If you find yourself in any of these East London hotspots and you’re not Instagramming it, your phone must be dead. While the trendsetting East End may have lost its rougher edge in recent years, here at House of Coco, East London’s enduringly cool creative hub still has our heart. Set against a backdrop of street art, scandi-chic coffee shops and unique independent stores – why not take inspiration from the artistic scene for your Instagram, with #TeamCoco’s guide to East London’s most Instagrammable spots…
This pretty as can be cafe is more vintage Miami than Hackney – and we’re crazy about it. Think palm print wallpaper, pastel pink hues and sumptuous velvet armchairs. Potted palms and a cascade of hanging baskets make for a trendy, tropical vibe while a zero laptop policy creates an animated atmosphere. A plant-based seasonal menu offers avo-toast and acai bowls aplenty, while candy coloured red velvet lattes complete the perfect Insta-shot. Major #brunchgoals.
The Barge House
Three words. Breakfast IN bread. That’s all you really need to know about The Barge House – a local haunt overlooking Regent’s Canal between Haggerston and Hoxton. At weekends only, they serve up scooped out sourdough loaves, stuffed with everything from your standard full English to smoked salmon – topped with some serious #yolkporn. #TeamCoco’s favourite cure if you’ve overindulged the night before.
Only in East London would you find a boutique dedicated to cacti and succulents. Inspired by a visit to Yves Saint Laurent’s Jardin Majorelle in Marrakech, Gynelle Leon, owner of the brilliantly named Dalston store sources the most unusual and exotic cacti and succulents from across the UK and Europe – selling over 150 species. If you’re a fellow fan of the humble cactus and want to up your home’s Instagram game, we’d recommend heading over to Kingsland Road, sharp.
Add a vintage-inspired edge to your Instagram with a stroll around one of Spitalfields most sought-after streets. Formerly dilapidated, Fournier Street is now home to some of the city’s most immaculate Georgian mansions. Although restored, the street’s historical architecture is as impressive as ever, with exposed brickwork, fantastic facades, painted doors and elegant sash windows – the perfect backdrop to any Insta-shot. Don’t forget to snap a shot of 11 and a half Fournier street, if you can find it!
View this post on Instagram
Around Brick Lane ✨ • • #petitefraiseinlondon #postcardsfromlondon • • • #bricklane #eastlondon #streetsoflondon #murales #graffiti #londongraffiti #modernart #contemporaryart #urbanart #streetart #londonlove #londoncalling #exploring #hangingaround #gypsylife #lavieboheme #wanderingheart #wanderer #freespirit #bohospirit #boholife #gypsysoul #wanderingsoul #freesoul #traveldiaries #lifeisanadventure
You might easily miss this East London hangout’s unassuming entrance, but hidden atop Hackney’s Netil House lies hipster hotspot Netil 360. Overlooking London Fields, this versatile space is open from April and attracts a creative crowd from day to night – with a laid-back lounge vibe, co-working cabins, yoga classes, cinema screenings and cafe. Pull up a deck chair and indulge in some seriously Instagrammable views of East London’s skyline.
Hidden in the heart of the city’s concrete jungle, lies one of a botanical variety – an Instagrammers oasis within the brutalist walls of The Barbican building. London’s second-largest, the Barbican Conservatory is a lost world of exotic plants, towering palms and encroaching ivy. It may only be open on selected Sundays and bank holidays, but is free and serves afternoon tea on Sundays (bottomless prosecco optional, but highly recommended – just be sure to book in advance).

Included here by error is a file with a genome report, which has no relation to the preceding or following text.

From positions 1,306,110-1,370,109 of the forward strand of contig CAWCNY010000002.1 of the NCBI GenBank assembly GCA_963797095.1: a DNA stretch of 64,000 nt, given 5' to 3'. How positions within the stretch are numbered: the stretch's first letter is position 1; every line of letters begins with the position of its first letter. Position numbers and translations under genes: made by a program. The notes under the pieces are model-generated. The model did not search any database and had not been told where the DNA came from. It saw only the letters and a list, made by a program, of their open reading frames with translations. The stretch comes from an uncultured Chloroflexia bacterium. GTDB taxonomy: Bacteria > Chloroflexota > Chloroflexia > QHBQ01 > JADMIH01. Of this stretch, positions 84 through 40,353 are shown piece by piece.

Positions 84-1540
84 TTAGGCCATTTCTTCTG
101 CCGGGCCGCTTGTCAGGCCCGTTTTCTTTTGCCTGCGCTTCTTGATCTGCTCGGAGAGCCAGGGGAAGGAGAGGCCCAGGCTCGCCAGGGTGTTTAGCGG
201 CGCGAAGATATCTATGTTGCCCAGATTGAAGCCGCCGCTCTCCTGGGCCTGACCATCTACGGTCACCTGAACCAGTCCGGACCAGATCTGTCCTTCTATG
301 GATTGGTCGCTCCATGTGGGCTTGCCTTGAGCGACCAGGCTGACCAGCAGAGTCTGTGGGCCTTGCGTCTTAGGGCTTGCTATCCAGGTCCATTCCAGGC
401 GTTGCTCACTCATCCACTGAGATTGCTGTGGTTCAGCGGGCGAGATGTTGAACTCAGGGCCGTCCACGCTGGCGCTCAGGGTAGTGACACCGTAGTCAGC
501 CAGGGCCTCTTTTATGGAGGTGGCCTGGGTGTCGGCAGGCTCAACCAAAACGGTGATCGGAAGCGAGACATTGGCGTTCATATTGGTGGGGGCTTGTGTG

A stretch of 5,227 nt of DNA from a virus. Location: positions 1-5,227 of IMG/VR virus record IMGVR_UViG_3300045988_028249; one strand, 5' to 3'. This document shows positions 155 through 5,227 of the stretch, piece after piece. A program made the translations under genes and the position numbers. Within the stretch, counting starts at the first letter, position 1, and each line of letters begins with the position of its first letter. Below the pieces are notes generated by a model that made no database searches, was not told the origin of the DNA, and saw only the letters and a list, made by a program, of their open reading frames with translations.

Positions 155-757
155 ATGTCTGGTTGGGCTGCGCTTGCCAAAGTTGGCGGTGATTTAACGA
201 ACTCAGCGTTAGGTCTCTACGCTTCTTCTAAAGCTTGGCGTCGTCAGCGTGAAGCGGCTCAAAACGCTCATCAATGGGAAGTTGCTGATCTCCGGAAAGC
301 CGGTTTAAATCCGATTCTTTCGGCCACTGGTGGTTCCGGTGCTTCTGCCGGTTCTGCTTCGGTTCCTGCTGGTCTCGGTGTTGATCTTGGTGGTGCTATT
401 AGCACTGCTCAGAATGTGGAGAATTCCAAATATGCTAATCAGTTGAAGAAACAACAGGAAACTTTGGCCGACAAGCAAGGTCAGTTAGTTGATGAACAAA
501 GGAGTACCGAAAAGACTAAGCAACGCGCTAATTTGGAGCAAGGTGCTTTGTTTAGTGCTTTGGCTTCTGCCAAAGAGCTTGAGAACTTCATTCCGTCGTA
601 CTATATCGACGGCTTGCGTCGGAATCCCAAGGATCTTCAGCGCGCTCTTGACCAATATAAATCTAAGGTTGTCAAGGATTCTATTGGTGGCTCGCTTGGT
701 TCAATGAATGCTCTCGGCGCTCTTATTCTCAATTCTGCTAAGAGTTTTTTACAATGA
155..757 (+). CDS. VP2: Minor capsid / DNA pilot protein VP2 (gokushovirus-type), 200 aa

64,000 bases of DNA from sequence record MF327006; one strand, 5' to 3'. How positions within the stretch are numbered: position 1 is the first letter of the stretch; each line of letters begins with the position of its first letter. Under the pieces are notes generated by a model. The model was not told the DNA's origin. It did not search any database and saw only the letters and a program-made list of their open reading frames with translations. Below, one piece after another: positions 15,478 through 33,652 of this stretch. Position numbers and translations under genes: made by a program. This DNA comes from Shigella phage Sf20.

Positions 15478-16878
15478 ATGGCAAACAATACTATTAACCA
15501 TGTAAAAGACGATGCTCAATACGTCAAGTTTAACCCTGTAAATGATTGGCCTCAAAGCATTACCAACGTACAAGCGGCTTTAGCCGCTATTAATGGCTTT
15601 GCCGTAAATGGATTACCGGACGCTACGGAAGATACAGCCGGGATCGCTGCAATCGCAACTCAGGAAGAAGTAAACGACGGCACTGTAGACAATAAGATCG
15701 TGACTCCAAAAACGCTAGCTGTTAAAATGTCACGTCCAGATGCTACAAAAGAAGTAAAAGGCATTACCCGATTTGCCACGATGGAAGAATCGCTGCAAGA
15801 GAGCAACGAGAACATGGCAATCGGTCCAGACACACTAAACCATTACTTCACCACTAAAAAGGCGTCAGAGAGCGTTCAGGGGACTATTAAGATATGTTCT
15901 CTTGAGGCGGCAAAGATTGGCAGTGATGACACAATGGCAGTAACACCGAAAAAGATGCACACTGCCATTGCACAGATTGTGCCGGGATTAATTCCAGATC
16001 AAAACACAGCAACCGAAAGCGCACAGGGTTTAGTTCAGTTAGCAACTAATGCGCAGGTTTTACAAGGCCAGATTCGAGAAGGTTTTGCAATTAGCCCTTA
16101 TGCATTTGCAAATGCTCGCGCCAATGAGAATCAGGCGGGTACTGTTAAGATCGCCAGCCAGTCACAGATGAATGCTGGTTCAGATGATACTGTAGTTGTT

God’s Own Junkyard
There’s no better place to brighten up your grid than this psychedelic slice of Las Vegas out east in Walthamstow. The largest of its kind in Europe, Gods Own Junkyard is a warehouse wonderland showcasing light artist Chris Bracey’s collection of new, retro and salvaged neon signs – which began with Soho sex shops and have since featured in films like Eyes Wide Shut. Open Friday and Saturday, entry is free.
Shoreditch Street Art
For all its gentrification, London’s East End is still the home of counterculture – which is why you’ll find some of the city’s best street art here. From Chance Street’s kaleidoscopic colours to Fashion Street’s whimsical murals – a dash down any of Shoreditch’s side streets will turn up alternative artists, from the instantly recognisable Banksy to Eine’s colourful letters and Loretto’s satirical pieces. The art is ever-changing, so join a free tour if you want some insightful information for your captions.
It’s hard to walk down Brick Lane without being beckoned into this East London institution by a waft of their delicious dough. Harder still when they’re open 24/7 – which incidentally, also makes this the place for late-night Shoreditch party-goers looking for sustenance (prepare for an eclectic crowd). Opened in 1974, while this deli’s old-school, no-frills approach may be bemoaned by some, their rainbow bagels are just what your Instagram ordered.
Columbia Road Flower Market
Every Sunday, this East London road is transformed into an oasis of flowers with everything from potted chilli plants to plumes of peonies spilling over the stalls. Open from 8 am, our advice is to beat the crowds and go early or for closing, if you’re after the best deals. While the market itself may get busy, you can always retreat into the independent shops behind the stalls, which sell an Insta-worthy array of goods, from cupcakes to vintage fashion finds.